For USB devices you must first Insert the corresponding USB controller module: usb-uhci.o or usb-ohci.o

Modprobe USB-uhci

To make the USB mouse work properly, you must first Insert the module USB mouse. O and mousedev. o

Modprobe USB mouse

Modprobe mousedev

If you install the hid input layer and input core as modules, it is also necessary to start the hid and input modules.

Modprobe hid

Modprobe Input



Hardware driver in Linux system-USB device (lower)


USB keyboard

Generally, most of the keyboards we use today are PS/2, and USB keyboards are rare. However, the development of the keyboard will move closer to the USB interface. There are basically no many requirements for using a USB keyboard. You only need to set the support for the USB keyboard in the BIOS of the motherboard, and then you can use the USB keyboard completely in various systems, it can also be used in plug-and-play and hot swapping, and provides two USB ports: allowing you to easily connect devices with USB connectors to your keyboard, not the back of a computer.

Similarly you must of course First insert the corresponding USB controller module: usb-uhci.o or usb-ohci.o

Modprobe USB-uhci

Then you must insert the usb kbd. O and keybdev. O modules into the keyboard so that the USB keyboard can work properly. In this case, the system command is as follows:

Modprobe usbkbd

Modprobe keybdev

If you install the hid input layer and input core as modules, it is also necessary to start the hid and input modules.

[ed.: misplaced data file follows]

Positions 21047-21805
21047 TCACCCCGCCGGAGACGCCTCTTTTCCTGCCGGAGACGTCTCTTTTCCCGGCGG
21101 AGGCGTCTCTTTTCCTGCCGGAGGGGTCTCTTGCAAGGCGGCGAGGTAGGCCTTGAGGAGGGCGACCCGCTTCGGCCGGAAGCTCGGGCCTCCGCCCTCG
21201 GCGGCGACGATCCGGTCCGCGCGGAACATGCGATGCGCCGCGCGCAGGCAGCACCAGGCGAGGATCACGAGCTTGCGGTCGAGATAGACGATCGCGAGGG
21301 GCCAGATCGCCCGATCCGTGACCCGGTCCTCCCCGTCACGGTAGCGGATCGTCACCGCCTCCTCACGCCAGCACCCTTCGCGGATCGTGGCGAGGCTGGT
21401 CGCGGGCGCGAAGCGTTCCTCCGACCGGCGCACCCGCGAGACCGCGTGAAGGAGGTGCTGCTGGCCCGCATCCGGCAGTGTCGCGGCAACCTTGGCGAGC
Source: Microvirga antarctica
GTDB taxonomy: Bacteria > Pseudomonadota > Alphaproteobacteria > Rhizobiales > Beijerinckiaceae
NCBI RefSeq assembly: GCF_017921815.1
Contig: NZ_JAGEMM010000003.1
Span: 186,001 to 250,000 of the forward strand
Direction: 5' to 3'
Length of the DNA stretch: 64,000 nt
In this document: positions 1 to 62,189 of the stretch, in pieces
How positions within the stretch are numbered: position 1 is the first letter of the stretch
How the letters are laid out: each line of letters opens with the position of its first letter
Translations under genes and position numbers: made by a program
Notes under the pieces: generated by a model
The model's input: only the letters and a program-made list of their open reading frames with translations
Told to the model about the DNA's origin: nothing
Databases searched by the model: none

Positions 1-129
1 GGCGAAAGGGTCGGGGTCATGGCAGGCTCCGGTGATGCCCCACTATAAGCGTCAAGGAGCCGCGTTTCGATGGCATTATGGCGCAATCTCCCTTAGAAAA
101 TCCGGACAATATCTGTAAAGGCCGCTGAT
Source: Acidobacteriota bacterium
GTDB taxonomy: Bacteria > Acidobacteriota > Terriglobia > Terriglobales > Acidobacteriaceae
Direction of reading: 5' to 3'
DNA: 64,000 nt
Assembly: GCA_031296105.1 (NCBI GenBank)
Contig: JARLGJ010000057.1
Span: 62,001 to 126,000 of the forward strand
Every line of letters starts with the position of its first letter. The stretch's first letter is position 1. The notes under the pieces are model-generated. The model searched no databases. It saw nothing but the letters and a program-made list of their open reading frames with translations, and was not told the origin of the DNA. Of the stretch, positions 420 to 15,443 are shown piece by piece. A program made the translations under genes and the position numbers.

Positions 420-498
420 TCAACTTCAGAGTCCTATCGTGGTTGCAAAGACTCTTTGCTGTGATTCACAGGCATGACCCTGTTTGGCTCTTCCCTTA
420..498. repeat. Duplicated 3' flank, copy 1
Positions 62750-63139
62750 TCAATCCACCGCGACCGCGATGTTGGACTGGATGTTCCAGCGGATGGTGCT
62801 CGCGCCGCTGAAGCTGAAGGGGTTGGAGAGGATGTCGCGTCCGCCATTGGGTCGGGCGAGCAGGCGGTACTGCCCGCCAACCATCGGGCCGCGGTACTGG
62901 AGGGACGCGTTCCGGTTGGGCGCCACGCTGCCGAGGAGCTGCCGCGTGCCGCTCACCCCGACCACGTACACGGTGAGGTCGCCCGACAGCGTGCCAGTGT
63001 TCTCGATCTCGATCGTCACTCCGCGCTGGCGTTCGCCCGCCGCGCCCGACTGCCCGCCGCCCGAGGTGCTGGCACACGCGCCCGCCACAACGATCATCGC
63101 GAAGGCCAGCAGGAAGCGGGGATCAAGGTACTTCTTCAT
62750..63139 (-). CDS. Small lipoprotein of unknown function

USB flash drive and USB card reader

Digital Storage devices are now quite common for us. CF cards, SD cards, memory stick and other memory cards are everywhere. Generally, their card readers are all USB interfaces. In addition, many MP3 and digital cameras use USB interfaces and computers for data transmission. Our USB flash drive and USB hard drive have become our essential equipment as mobile storage devices.

In Linux, these devices are usually driven in a way called USB-storage. To use them, you must load this module.

Modprobe USB-storage

Of course, USB core. O and usb-uhci.o or USB-OHCI are also indispensable. In addition, if the SCSI support in your system is also a module method, the following modules should also be loaded.

Modprobe scsi_mod

Modprobe sd_mod

After loading these modules, We can insert a USB flash disk or a memory card to find a SCSI hard disk in the system and mount it correctly, (The SCSI hard disk is usually/dev/sd ?, Refer to the FAQ below ).


Other USB devices supported by Linux.

Modem -- (common ).

Network Device

Camera-(common) for example, ov511;

Connecting cable-enables your two computers to use USB cables for network functions. Usbnet .;

Monitor -- (I have never seen it ).

Game pole

TV box -- (more common );

Tablet -- (more common );

Scanner -- (more common );

Burner -- (more common );

Printer -- (more common ).